Similar to the craft beer trend, sake has become a growing niche market where consumers – specifically millennials are looking for sakes that are high-quality. According to Impact Databank, sake consumption in the United States increased to 3.9 percent to 2.2 million cases in 2013.
Sake growth is also branching outside of traditional Japanese food like sushi and ramen restaurants, and so are pricier variations. In restaurants across the country sakes easily go upwards to $210 for a 720-ml bottle.
If you’ve only tried sake bombs (a beer cocktail where you drop hot sake into a glass of beer) then I challenge you to step outside your comfort zone and give sake a try. Here are a few to get you started:
- Kurosawa Kimoto Junmai: This full-bodied sake can be served chilled or warmed. It’s floral and fruity aroma mixes apple cobbler, green apple and dried honey.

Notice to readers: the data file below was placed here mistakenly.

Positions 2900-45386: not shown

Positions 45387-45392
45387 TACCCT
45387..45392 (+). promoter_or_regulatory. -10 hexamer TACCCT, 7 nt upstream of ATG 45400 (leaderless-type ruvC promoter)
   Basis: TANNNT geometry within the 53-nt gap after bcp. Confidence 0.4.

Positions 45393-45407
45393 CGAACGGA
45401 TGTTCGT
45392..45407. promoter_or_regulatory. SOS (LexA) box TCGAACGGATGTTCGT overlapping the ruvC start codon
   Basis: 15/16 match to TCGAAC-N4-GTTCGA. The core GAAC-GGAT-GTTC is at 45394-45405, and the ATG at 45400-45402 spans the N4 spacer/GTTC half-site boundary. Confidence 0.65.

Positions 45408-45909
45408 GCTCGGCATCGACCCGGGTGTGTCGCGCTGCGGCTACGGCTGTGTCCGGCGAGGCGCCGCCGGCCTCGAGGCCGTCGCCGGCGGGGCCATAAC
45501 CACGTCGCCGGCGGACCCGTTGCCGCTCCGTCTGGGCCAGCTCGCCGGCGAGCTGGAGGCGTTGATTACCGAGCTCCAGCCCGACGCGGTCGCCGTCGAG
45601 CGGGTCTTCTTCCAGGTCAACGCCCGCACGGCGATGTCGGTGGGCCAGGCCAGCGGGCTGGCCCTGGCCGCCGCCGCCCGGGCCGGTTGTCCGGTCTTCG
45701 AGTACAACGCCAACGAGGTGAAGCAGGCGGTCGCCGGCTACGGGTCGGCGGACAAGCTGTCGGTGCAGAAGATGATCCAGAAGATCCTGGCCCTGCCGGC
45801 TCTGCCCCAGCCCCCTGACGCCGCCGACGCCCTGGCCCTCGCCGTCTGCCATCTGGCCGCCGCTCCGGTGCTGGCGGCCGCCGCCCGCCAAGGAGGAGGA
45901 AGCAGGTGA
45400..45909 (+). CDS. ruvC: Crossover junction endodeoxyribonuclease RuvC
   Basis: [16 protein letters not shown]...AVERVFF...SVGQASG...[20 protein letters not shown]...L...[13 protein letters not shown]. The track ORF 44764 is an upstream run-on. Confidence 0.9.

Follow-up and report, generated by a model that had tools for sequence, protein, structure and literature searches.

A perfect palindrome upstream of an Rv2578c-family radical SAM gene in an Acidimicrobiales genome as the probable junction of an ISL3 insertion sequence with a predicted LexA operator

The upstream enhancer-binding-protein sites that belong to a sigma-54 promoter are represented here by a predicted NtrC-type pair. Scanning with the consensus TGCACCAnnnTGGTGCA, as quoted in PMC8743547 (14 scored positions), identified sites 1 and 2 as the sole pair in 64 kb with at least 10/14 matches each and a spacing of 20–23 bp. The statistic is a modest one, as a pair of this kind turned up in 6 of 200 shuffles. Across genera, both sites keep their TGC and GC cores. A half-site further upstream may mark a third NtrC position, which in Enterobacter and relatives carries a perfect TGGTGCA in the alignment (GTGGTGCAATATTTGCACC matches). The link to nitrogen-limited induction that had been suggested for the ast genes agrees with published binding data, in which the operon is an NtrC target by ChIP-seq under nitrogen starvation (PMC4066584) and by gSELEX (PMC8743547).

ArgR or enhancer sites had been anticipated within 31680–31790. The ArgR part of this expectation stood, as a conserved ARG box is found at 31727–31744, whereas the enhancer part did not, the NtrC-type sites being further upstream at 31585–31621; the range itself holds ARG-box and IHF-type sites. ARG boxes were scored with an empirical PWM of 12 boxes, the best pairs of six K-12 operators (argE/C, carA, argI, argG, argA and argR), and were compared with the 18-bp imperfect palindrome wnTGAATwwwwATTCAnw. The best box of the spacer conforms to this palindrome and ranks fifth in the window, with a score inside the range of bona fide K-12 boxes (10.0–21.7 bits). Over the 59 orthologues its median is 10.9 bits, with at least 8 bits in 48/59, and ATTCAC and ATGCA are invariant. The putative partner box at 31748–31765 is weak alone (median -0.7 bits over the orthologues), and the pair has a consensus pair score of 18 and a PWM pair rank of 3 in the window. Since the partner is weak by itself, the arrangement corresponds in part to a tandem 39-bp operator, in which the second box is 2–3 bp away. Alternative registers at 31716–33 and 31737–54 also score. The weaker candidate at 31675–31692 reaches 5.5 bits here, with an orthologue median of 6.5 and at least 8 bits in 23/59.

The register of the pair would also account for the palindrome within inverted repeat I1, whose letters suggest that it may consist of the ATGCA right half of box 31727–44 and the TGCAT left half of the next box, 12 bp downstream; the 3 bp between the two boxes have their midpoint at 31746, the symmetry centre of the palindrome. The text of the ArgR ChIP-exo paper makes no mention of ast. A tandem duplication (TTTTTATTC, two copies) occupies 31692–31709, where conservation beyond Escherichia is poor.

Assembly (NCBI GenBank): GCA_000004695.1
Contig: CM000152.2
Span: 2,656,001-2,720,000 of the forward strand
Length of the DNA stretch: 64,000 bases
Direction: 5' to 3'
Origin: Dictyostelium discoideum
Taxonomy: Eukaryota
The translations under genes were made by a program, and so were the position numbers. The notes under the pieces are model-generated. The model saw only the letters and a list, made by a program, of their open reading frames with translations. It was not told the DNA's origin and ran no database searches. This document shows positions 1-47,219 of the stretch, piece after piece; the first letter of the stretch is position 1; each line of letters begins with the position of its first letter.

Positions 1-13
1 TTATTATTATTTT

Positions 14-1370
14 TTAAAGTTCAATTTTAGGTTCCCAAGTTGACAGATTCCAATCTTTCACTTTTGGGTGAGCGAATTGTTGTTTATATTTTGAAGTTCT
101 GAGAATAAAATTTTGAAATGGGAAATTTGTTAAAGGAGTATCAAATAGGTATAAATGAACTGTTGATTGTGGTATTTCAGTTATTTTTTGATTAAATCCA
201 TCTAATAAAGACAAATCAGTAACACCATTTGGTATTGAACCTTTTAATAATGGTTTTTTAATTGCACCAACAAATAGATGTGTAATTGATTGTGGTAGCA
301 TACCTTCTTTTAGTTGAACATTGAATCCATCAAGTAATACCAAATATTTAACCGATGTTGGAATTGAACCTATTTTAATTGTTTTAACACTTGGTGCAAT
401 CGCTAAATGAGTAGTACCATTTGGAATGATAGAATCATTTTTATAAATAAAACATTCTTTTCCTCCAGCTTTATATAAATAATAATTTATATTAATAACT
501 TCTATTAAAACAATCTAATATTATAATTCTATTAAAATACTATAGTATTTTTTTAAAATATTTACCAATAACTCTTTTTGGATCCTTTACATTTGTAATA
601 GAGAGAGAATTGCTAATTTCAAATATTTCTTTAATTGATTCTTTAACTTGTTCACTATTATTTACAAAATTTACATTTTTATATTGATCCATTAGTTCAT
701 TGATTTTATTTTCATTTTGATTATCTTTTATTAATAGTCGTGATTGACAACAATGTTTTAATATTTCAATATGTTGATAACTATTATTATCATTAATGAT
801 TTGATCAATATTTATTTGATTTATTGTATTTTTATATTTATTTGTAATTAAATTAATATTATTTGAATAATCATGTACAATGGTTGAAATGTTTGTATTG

- Hakkaisan Tokubestu Junmai: Looking for a sake that is clean, dry and pristine? Then look no further. Fine local water is a key ingredient in this sake, which comes from melted snow and filtered water at Mount Hakkai.
- Shirakawago Sasanigori: Taking it up a notch, this delicate unfiltered sake is textured and complex.
- Funaguchi Nama: What’s cool about this sake is that it’s served in a can. Thick textured and sweet the Funaguchi is unpasteurized and unprocessed. Bonus: it has an alcohol content of 19 percent which is at higher end of the 15 to 20 percent ABV range.
Sake can seem a little intimidating when you’re first trying to figure out the differences.But couldn’t that be said for your first venture into to trying wine or beer?
It just takes a little bit of curiosity and the desire to experiment. Plus, for those who are health-conscious sake is gluten and sulfite-free!